By Lydia O’Kane
It’s decision day in the United States. Following a divisive US election campaign, Americans are going to the polls Tuesday to choose their next President.
Both Republican Donald Trump and Democratic candidate Joe Biden spent the last day before this ballot continuing to woo voters.
Trump did a whistle-stop tour of four states on Monday, while Presidential hopeful Joe Biden spent his last full day of campaigning in Ohio and Pennsylvania, telling voters that he was the man for the job.
Speaking to Americans late on Monday night in Grand Rapids, Michigan, Trump warned that his rival would move US jobs abroad. Biden, meanwhile, addressing supporters in Pittsburgh, said, “We’re done with the chaos, we’re done with the tweets, the anger, the hate, the failure, the irresponsibility.”
Communicating a message
Both men have rallied supporters, taken part in televised debates, and used social media to get their message across.
Fr Mike Russo is an Emmy Award-winning producer and former professor of Communications Studies at Saint Mary's College of California. Speaking to Vatican Radio, he said the current president has used social media to his advantage and maybe “we’re not used to that kind of Chief Executive.”
Fr Russo added that even if Donald Trump ends up being a one-term president, “I think there will be copy cats following him afterwards, able to get into high office and continue that kind of day-to-day social media, I would call it combat, where everyone is susceptible to being brought down by a Tweet.”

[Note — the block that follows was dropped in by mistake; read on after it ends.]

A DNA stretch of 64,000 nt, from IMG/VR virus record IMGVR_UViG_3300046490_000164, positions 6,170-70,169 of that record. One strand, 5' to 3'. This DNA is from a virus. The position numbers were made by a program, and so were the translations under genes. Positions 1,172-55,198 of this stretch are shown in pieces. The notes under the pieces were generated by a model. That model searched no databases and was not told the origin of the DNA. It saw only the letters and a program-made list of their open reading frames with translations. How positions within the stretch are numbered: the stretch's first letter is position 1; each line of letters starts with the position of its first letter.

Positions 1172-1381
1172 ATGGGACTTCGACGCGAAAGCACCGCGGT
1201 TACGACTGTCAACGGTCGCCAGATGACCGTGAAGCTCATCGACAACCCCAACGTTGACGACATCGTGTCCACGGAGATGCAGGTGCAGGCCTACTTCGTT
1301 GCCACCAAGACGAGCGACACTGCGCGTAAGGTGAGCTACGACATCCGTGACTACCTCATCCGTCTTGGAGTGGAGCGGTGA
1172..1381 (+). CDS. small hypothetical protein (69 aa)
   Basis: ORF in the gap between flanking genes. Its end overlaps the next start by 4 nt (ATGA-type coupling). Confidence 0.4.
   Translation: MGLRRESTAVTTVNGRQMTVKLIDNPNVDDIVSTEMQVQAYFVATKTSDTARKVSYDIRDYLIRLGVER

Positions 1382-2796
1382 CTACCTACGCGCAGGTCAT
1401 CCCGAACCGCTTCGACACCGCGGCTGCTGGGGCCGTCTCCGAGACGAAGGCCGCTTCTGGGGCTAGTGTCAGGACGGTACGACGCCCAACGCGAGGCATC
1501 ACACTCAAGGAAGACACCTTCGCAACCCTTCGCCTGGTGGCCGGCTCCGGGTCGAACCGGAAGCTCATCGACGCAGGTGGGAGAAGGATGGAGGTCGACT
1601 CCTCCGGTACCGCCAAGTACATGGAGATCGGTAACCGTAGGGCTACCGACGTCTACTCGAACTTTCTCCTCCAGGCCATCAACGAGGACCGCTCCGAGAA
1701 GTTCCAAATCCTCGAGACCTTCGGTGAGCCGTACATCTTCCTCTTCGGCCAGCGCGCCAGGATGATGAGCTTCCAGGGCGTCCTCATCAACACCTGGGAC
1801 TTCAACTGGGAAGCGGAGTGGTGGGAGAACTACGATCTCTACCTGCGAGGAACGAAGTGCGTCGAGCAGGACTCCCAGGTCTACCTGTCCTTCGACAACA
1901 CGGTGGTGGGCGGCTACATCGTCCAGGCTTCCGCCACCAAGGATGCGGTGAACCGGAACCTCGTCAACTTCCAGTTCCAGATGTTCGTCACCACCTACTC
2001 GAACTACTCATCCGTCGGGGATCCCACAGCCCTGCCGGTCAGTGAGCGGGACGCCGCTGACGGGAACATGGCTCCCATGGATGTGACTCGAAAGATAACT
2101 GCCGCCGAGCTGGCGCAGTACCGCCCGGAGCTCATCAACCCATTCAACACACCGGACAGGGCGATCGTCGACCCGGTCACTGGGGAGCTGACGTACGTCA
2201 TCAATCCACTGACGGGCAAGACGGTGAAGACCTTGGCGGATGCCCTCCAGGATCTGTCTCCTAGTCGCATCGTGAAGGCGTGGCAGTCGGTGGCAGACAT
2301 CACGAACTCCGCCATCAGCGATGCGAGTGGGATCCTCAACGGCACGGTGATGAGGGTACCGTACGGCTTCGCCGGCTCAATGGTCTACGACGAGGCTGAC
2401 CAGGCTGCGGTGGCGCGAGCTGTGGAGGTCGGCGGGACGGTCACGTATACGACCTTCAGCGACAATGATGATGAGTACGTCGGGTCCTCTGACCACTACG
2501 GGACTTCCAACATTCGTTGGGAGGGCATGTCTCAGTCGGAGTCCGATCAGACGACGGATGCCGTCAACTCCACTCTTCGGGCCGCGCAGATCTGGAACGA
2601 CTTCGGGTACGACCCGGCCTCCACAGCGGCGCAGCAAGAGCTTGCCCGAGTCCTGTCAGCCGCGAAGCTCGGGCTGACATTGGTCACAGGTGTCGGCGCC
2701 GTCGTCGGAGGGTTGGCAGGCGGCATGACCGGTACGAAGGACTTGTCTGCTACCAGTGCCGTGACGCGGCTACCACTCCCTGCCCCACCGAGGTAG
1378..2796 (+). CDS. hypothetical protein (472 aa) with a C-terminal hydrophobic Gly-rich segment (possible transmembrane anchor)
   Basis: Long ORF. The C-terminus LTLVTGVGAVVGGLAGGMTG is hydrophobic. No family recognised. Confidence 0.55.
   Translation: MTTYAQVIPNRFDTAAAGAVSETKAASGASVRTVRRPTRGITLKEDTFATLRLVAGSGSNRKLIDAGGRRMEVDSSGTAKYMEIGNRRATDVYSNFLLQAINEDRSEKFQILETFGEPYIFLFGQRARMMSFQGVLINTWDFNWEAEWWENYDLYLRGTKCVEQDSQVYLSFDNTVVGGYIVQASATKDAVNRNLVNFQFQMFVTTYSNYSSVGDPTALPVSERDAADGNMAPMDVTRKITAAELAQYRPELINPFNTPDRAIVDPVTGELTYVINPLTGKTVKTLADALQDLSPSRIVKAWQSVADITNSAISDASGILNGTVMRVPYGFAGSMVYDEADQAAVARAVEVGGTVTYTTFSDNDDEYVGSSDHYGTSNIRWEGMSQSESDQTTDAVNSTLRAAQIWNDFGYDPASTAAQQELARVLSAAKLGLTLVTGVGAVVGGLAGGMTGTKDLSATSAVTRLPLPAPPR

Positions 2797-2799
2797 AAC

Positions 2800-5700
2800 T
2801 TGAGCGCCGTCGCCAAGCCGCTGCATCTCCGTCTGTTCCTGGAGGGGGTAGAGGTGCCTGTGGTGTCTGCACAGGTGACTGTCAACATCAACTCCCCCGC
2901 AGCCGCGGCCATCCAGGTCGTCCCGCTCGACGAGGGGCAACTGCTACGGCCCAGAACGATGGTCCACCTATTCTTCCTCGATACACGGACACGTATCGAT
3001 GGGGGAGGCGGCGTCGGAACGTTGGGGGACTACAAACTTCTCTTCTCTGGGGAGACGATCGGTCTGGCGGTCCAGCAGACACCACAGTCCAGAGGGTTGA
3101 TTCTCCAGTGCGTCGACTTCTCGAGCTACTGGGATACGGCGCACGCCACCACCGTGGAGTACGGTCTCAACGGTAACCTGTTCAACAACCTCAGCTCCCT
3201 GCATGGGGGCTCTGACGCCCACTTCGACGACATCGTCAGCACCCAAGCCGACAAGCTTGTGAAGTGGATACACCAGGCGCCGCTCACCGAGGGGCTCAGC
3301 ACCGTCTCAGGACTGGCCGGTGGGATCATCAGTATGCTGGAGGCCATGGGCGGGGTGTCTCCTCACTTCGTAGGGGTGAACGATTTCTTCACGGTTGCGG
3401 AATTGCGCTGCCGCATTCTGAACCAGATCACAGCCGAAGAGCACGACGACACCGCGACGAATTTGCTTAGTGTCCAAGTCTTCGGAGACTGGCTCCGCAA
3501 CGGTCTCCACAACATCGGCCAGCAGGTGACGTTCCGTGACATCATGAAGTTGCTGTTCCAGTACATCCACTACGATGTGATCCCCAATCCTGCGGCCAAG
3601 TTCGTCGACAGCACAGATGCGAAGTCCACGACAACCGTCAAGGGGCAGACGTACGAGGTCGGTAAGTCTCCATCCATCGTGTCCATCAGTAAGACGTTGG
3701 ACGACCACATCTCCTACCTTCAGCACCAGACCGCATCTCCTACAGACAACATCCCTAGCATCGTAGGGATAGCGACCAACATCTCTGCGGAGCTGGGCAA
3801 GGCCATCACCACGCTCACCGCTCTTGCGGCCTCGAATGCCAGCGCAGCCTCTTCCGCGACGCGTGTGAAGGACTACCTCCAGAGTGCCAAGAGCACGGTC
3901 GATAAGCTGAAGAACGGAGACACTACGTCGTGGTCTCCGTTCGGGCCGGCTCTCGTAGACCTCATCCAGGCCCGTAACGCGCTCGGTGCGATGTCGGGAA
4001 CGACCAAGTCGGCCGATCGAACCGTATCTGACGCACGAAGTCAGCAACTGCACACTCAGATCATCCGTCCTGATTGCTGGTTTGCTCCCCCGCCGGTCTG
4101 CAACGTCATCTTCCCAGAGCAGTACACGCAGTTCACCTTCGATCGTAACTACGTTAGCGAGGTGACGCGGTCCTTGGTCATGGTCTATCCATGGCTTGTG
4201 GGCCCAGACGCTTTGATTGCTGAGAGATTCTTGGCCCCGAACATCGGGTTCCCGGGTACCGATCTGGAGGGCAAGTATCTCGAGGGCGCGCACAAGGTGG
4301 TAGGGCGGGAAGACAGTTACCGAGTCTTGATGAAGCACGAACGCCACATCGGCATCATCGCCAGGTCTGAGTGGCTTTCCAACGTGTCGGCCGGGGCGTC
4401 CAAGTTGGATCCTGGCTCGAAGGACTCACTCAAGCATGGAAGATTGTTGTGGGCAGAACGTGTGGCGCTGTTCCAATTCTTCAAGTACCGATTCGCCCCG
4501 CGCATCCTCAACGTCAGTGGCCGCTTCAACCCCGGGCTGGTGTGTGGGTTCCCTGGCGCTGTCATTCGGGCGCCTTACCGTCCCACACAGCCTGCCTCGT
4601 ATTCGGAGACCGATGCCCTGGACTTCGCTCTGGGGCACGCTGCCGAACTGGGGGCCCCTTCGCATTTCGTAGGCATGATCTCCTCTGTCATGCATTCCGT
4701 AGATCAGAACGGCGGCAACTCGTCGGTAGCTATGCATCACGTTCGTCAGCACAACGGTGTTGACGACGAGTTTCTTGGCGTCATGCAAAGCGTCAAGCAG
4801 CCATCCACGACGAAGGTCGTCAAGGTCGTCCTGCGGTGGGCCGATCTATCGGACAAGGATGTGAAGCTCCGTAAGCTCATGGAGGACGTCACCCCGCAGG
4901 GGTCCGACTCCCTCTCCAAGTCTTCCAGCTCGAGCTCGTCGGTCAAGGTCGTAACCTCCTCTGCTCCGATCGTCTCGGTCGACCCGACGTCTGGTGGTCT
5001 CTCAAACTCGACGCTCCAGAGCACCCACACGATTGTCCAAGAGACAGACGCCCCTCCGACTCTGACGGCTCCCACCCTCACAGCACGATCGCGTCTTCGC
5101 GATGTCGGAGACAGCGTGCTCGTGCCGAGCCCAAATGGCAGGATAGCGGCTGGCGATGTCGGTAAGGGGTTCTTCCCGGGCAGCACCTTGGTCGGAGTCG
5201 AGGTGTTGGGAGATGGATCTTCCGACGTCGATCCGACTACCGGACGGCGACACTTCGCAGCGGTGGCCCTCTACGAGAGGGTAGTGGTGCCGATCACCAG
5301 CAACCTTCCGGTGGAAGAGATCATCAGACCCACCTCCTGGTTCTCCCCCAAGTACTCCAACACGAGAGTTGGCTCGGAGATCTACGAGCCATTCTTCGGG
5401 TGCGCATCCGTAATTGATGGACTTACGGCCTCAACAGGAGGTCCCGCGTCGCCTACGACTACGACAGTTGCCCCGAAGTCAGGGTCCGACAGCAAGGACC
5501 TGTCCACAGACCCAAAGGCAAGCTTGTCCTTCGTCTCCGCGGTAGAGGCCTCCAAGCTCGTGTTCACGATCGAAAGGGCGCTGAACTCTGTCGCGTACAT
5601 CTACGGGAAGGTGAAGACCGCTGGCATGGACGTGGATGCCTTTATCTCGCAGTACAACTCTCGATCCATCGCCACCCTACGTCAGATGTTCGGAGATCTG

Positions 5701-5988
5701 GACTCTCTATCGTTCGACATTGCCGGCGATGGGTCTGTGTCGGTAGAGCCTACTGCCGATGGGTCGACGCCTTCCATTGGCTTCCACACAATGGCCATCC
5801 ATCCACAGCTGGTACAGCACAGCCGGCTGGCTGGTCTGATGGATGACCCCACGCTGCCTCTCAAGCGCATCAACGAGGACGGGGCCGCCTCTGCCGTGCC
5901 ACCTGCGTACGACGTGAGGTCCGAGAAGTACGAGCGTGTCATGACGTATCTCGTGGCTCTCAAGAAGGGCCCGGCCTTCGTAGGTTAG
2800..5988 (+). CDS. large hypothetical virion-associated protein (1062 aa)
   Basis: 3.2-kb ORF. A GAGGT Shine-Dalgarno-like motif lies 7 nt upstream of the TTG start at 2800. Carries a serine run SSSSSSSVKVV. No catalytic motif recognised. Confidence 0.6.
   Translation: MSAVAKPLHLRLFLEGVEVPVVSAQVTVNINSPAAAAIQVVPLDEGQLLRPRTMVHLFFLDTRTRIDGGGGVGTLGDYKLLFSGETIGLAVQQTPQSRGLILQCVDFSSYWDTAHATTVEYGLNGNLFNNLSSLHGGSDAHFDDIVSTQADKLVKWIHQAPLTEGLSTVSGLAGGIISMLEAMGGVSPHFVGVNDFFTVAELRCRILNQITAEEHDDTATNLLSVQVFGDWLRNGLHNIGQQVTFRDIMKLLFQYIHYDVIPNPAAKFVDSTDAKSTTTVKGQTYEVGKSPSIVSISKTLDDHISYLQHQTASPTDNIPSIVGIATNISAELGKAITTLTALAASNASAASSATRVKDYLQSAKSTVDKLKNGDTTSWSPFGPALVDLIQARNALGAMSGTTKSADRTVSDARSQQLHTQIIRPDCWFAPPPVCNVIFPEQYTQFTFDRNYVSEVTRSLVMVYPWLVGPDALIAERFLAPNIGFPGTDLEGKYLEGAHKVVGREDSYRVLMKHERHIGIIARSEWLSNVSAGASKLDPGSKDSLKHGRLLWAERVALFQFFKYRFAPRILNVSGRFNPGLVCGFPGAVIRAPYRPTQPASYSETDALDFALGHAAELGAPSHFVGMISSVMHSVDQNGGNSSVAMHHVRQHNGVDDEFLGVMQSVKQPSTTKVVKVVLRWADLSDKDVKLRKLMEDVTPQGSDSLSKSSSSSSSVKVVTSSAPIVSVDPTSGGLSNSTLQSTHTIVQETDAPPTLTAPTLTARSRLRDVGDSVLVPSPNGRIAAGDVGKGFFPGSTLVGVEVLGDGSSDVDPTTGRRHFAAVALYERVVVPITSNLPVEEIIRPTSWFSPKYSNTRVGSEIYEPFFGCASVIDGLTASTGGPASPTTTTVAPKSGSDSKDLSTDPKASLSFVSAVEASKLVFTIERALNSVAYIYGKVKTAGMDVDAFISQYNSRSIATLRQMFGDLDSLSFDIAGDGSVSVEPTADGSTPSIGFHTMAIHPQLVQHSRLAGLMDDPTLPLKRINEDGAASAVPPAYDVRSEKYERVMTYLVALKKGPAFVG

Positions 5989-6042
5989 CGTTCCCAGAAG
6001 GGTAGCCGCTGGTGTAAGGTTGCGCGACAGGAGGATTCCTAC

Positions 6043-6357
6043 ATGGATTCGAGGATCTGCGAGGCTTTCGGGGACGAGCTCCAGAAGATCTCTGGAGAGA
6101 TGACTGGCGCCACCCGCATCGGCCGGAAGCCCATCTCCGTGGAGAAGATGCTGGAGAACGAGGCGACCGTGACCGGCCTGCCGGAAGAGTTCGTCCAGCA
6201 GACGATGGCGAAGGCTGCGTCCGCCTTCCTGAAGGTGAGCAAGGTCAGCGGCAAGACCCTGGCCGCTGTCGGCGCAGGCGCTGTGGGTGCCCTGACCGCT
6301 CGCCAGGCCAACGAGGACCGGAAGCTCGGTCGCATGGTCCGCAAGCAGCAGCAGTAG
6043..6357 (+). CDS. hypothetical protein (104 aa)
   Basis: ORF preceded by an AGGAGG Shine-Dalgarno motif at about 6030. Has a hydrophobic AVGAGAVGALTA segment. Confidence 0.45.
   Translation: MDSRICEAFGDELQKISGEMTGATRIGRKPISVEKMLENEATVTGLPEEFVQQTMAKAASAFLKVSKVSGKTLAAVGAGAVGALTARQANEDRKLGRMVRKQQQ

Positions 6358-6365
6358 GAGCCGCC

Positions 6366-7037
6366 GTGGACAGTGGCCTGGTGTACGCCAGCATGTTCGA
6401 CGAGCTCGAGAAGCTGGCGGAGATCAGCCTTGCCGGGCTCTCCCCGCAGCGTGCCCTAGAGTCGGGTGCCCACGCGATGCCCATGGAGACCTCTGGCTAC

This has been a campaign dominated by a number of key issues. Topping that list is the COVID-19 pandemic that has killed more than 231,000 people in the United States and left millions unemployed. The country has also been rocked by protests over racial injustice against Black Americans and other minorities.
Noting that the US at present is facing challenging times, Fr Russo said moral leadership is something we need at all times.
“What is the role of a United States President?” he asked. “I’d particularly argue that there is this idea about bringing about cohesion … just as preaching is a leadership skill, so too is the role of the President of the United States … it’s a complicated role.”
In anticipation of possible protests several cities, such as New York and Washington, have begun boarding up buildings.
Votes and electoral college
Voters have already cast their ballots early in record-breaking numbers in this election - more than 99 million, in fact, either in person or by mail.
Both candidates have focused their attention on twelve key states, nearly all states that President Trump won in 2016. They include Pennsylvania, Michigan and Wisconsin.
Polls also predict tight races in Florida, North Carolina and Arizona.
In order to win the White House, 270 electoral votes are required. Joe Biden has held a steady lead in the popular vote in national polls. But Donald Trump is close in enough swing states to possibly amass the 270 state-by-state Electoral College votes needed to hold on to the presidency.